Ainsworth Lumber Co. jumped out of the red with a net income of C$1.8 million (US$1.8 million) during the fourth quarter, compared to the C$12.4 million (US$12.6 million) net loss the company took during fourth quarter 2009, the company announced on Friday.

The fourth quarter appeared to be a reflection of the fiscal year 2010 numbers, during which the Vancouver-based company posted a net income of C$9.4 million (US$9.6 million), once again swinging out of the red. The company reported a net loss of C$21.6 million (US$22 million) during 2009.

Net sales on the quarter fell to C$55 million (US$56.1 million) on the quarter, a C$11.1 million (US$11.3 million) drop compared to the year earlier period. For the year, net sales increased to C$329.5 million (US$335.9 million), a 15% increase over 2009.

The company also said average market prices for 7/16-inch oriented stand board (OSB) increased by 33% during the year in the North Central market to US$219 per million square feet. The Western Canadian annual market price also rose 45% during 2010 to US$213 per million square feet. The company's OSB shipments from continuing operations were 285,900 million square feet for 3/8-inch OSB for the fourth quarter and 1,456,900 million square feet for 3/8-inch OSB for the year.

"With the full support of our employees, we have taken steps over the past two years to reduce costs, to focus on our core oriented strand board producing assets, and to target growth in value-added products," said president and CEO Rick Huff. "During the year, Ainsworth made progress and advanced a number of important initiatives, including securing long term labor contracts with all of our unionized employees, completing critical maintenance and upgrades, growing our sales in key market segments, and strategically expanding our incremental capacity at an affordable cost."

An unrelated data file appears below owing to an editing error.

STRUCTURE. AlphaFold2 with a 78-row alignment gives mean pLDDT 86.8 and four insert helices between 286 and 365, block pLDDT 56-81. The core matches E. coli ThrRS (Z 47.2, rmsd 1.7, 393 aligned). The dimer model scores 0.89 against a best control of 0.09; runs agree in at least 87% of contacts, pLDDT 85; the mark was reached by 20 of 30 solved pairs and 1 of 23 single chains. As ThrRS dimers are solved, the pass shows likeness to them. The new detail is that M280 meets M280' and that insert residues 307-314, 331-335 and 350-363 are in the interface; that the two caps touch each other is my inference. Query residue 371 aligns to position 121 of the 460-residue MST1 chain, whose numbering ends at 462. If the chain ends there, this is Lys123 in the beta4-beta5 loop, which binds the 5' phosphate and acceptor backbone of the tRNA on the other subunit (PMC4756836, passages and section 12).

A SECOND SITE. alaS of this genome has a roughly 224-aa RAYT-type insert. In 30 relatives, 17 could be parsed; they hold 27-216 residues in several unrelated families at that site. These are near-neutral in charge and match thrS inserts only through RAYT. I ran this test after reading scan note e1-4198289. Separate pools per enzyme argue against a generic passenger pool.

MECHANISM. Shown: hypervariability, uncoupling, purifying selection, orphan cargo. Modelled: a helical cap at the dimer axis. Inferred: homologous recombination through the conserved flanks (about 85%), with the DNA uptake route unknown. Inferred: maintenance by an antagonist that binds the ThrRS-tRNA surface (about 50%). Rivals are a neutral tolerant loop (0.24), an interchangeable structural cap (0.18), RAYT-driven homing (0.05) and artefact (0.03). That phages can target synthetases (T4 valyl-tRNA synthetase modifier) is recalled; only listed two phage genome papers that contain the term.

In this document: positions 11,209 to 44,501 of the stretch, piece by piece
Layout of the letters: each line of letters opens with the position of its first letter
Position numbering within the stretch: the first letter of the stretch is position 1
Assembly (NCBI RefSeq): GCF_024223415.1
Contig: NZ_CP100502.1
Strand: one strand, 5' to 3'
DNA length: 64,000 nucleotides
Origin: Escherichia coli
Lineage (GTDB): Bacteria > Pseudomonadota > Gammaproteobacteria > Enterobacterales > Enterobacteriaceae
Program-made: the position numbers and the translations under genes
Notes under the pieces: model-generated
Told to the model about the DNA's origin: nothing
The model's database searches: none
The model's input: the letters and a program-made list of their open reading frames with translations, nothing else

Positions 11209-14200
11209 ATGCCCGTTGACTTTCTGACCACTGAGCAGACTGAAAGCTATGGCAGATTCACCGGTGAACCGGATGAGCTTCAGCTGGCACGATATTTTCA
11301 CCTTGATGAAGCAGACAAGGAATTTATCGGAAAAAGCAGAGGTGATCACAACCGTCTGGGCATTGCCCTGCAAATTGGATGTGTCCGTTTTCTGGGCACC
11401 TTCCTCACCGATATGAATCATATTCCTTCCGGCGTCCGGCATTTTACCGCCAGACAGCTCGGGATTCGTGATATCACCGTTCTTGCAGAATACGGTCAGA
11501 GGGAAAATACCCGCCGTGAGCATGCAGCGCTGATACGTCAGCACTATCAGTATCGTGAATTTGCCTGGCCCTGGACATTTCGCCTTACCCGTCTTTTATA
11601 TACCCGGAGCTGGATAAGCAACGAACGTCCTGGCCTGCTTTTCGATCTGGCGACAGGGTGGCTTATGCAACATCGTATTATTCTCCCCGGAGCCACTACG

The company posted earnings before interest, taxes, depreciation and amortization (EBITDA) loss of C$3.8 million (US$3.9 million) for the quaret. In a statement released by the company, maintenance and upgrades at all three of its mills, which required shutdowns of the locations, were cited as the cause of the EBITDA loss. The improvements were made to enhance efficiency at the mills, as well as allow the 100 Mile House mill to be able to process timber infected by the Pine Mountain Beetle epidemic.

EBITDA for the year was C$53.7 million (US$54.7 million), a huge jump from the C$5.2 million (US$5.3 million) in EBITDA the company announced for 2009.

Aside from the upgrades at its own mills, Ainsworth recently purchased the remaining 50% of Footner Forest Products Inc. and now completely owns the company. Ainsworth said they plan to operate the mill, which had its production curtailed in Dec. 2007, on a care and maintenance basis.